DISPOSITION

That portion of the judgment pertaining to the division of the sale proceeds of the former residence is reversed and the matter is remanded for further proceedings consistent with this opinion.   In all other respects, the judgment is affirmed.

FOOTNOTES

1.   All statutory references are to the Civil Code.

2.   The Bankovich dissolution petition was filed after January 1, 1984.

3.   The urgency legislation provides as follows:  “SECTION 1.   Section 4 of Chapter 342 of the Statutes of 1983 is amended to read:“Sec. 4. This act applies to proceedings commenced on or after January 1, 1984, regardless of the date of acquisition of property subject to the proceedings or the date of any agreement affecting the property.“SEC. 2. This act is an urgency statute necessary for the immediate preservation of the public peace, health, or safety within the meaning of Article IV of the Constitution and shall go into immediate effect.   The facts constituting the necessity are:“Sections 4800.1 and 4800.2 of the Civil Code were enacted by Chapter 342 of the Statutes of 1983 and applied immediately to all family law proceedings not yet final on January 1, 1984, its effective date, in order to cure a serious problem in the law governing division of assets at dissolution of marriage (See Report of Senate Committee on Judiciary on Assembly Bill 26, 83 Senate Journal 4865, July 14, 1983).   The Supreme Court in In re Marriage of Buol, 39 Cal.3d 751, 705 P.2d 354, 218 Cal.Rptr. 31 (1985), held that this legislation cannot be applied to pending litigation in some circumstances, but the precise scope of the decision is unclear.“The Buol decision has caused confusion among family law judges and lawyers as to what law governs in a heavily litigated area in which important property rights are affected.   The decision also frustrates the intent of the Legislature to correct a serious problem in the law that is causing inequitable treatment of many parties.“This act is intended to resolve the confusion caused by Buol and to reaffirm the need for immediately applicable legislation, to the extent constitutionally permissible, in order to assure all litigants of equitable treatment upon dissolution of marriage.   Any further delay will accentuate unreasonably the current confusion and problems in this area of the law.”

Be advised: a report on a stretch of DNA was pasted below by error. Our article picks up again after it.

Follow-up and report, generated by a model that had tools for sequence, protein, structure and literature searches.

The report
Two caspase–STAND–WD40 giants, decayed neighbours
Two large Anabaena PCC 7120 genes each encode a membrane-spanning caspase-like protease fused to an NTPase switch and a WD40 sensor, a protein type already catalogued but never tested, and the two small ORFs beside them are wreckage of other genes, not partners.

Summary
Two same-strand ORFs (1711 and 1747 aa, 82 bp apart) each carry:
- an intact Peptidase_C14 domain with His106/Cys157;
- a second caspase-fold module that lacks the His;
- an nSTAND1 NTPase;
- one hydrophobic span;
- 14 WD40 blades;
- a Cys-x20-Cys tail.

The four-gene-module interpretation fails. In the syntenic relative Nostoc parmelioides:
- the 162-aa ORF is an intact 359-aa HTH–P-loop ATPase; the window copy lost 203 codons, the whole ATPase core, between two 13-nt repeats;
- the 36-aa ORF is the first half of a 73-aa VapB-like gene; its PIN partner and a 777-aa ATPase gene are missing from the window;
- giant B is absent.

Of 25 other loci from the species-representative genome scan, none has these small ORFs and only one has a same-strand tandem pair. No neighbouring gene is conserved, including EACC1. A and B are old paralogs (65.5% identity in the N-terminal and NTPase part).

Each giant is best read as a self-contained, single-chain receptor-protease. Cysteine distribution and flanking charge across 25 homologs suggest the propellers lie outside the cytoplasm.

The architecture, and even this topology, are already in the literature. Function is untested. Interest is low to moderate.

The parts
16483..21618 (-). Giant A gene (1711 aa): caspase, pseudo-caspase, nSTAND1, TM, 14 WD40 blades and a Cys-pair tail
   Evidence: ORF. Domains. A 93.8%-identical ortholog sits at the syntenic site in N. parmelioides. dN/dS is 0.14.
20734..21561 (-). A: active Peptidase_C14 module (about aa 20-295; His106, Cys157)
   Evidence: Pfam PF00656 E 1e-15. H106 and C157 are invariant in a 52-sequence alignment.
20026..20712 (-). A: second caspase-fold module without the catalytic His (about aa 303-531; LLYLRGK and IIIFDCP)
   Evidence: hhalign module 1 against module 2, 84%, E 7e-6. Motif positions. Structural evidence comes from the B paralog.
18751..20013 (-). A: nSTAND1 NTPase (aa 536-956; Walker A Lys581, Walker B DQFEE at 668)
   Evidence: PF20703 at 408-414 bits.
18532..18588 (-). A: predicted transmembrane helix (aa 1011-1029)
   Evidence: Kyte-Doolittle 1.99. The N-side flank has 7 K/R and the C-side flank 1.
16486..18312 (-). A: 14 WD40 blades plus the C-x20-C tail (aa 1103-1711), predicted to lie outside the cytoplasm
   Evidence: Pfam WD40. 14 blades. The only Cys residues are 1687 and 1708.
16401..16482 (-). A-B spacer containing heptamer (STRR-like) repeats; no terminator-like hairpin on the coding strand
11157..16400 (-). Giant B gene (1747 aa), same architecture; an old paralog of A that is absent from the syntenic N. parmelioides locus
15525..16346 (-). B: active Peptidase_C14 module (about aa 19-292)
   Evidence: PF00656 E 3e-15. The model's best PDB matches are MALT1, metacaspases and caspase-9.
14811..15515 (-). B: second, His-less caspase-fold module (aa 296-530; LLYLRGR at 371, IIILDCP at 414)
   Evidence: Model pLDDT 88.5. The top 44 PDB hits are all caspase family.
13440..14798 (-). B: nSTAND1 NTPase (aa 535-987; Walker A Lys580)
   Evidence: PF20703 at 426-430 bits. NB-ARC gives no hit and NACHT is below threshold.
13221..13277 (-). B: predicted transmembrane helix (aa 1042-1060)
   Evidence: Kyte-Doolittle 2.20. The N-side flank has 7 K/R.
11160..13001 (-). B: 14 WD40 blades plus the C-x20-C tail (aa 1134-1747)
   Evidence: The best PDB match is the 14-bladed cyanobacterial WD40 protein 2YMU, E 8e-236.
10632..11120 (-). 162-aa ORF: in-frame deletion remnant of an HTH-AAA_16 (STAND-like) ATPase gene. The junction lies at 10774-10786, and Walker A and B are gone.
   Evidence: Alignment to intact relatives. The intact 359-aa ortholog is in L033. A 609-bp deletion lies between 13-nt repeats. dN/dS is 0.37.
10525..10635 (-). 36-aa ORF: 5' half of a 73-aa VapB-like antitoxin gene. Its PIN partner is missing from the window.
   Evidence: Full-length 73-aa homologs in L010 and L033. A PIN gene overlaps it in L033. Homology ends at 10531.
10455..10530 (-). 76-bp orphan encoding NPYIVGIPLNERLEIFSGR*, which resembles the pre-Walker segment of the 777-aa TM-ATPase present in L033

WORK, Associate Justice.

KREMER, P.J., and BENKE, J., concur.